Canada’s organic community is not keen on duplicating a move south of the border toward increased pesticide residue testing.
The U.S. National Organic Program recently had its wrist slapped for failing to live up to a requirement contained in the Organic Foods Production Act for certifiers to conduct periodic residue tests.
“None of the four certifying agents we visited conducted periodic residue testing of the approximately 5,000 certified operations for which they were responsible,” said a report prepared by the United States Department of Agriculture’s Office of the Inspector General.
“There is no assurance that certifying agents performed regular periodic testing at any of the approximately 28,000 certified organic operations worldwide.”
In response to the report, the U.S. National Organic Program ann-ounced it is planning to implement periodic residue testing of agricultural products by September 2010.
There is no stipulation in Canada’s national organic standard or in the regulation that enables inspectors to conduct residue tests.
But it is a tool available to inspectors if they are harbouring suspicions, said Laura Telford, executive director of Canadian Organic Growers.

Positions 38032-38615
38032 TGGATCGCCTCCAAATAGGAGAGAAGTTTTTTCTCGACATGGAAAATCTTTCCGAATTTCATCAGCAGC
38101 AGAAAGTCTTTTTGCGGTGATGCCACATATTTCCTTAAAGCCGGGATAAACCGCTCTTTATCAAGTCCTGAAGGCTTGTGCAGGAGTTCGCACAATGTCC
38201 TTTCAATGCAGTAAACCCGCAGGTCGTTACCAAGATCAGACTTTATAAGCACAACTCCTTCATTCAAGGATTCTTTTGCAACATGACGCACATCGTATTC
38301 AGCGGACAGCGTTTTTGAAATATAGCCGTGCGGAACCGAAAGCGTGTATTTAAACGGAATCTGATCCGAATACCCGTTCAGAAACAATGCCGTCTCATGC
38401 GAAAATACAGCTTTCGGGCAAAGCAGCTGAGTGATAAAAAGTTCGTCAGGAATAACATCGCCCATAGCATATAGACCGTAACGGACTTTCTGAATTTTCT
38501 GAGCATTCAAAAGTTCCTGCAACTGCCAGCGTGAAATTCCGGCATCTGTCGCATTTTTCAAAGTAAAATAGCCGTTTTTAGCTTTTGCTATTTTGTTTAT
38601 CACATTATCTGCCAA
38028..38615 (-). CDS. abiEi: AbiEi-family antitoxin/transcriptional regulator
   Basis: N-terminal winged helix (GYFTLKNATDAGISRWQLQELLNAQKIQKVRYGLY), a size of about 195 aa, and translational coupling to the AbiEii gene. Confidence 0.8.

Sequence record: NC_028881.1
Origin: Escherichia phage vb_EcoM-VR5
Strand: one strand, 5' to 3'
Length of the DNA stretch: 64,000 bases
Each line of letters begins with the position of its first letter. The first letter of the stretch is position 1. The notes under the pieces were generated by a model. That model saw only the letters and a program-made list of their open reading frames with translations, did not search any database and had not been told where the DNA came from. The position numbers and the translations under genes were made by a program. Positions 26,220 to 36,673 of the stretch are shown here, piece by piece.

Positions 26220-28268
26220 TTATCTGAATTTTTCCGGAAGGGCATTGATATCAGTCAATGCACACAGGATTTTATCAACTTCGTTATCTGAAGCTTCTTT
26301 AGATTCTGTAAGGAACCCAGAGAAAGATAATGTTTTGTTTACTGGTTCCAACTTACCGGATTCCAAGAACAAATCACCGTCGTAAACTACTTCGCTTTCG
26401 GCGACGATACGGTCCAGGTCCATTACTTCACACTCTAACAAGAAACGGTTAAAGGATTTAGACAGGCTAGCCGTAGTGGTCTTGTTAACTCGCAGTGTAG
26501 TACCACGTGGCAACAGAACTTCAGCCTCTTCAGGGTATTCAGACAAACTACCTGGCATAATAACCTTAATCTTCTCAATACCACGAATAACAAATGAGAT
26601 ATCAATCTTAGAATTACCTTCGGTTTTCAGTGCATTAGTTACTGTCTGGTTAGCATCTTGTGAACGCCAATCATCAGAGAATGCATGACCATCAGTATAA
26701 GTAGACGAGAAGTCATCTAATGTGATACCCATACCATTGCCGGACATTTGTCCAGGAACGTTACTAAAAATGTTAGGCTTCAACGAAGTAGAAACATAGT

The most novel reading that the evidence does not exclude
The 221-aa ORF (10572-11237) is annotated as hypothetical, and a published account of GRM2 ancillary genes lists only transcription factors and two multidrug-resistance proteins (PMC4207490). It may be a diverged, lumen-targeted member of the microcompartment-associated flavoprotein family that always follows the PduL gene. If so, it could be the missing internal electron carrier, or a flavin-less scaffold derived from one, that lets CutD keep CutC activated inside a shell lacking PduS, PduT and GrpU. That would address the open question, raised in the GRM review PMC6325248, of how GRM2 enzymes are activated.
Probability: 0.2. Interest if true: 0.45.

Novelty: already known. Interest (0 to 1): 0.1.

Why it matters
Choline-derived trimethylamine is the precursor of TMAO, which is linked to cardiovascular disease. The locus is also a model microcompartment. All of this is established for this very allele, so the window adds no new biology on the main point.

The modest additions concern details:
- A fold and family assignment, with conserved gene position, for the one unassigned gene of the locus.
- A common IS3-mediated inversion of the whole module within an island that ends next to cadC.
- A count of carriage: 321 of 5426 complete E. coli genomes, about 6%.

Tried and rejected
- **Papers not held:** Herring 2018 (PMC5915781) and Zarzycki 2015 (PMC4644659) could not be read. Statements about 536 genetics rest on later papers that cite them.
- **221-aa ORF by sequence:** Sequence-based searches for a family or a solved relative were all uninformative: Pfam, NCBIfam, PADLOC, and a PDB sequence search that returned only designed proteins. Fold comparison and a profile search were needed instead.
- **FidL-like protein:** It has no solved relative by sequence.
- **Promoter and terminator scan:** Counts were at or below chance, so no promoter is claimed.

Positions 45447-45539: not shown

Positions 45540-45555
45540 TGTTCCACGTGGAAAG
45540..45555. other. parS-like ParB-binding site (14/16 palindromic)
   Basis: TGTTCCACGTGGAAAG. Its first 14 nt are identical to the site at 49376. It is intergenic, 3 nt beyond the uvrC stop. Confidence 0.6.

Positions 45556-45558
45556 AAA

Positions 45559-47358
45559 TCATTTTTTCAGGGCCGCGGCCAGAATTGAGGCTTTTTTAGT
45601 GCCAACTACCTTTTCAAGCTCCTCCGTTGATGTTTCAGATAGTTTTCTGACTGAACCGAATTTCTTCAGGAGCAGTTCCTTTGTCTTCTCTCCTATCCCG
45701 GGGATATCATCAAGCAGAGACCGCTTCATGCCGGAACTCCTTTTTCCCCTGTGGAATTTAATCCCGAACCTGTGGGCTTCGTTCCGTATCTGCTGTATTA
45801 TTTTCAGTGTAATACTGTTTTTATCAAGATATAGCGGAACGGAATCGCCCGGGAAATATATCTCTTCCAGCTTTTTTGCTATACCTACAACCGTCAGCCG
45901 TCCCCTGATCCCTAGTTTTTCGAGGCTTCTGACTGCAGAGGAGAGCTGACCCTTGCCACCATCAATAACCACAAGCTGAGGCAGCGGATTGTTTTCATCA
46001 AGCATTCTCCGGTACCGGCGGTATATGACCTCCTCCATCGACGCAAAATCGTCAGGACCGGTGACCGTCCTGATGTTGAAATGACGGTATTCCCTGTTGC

Observation is the first pillar of inspection, followed by good record keeping.
If either of the first two phases of the inspection raises any red flags the inspector can order a residue test. But that doesn’t happen very often because testing is costly and inefficient, said Telford.
There are no comprehensive tests that detect all pesticides. Testing is done for a specific substance and there are hundreds of approved agricultural chemicals on the market.
“These tests are one-by-one and they are a couple of hundred dollars a pop,” she said.
Those costs will be passed along to the organic farmer.
“Testing on a random basis is not going to be of great utility. It’s like throwing your money down a big hole,” said Telford.
If a more practical testing option was available, she said the industry would get behind it.
Mischa Popoff, an organic consultant and former inspector, has long argued that testing should be part of the Canadian organic system.
He was contacted for this story but did not return calls.
According to a website for a testing business he operates (www.isitorganic.ca), Popoff can test for more than 120 prohibited substances in different chemical families for $300.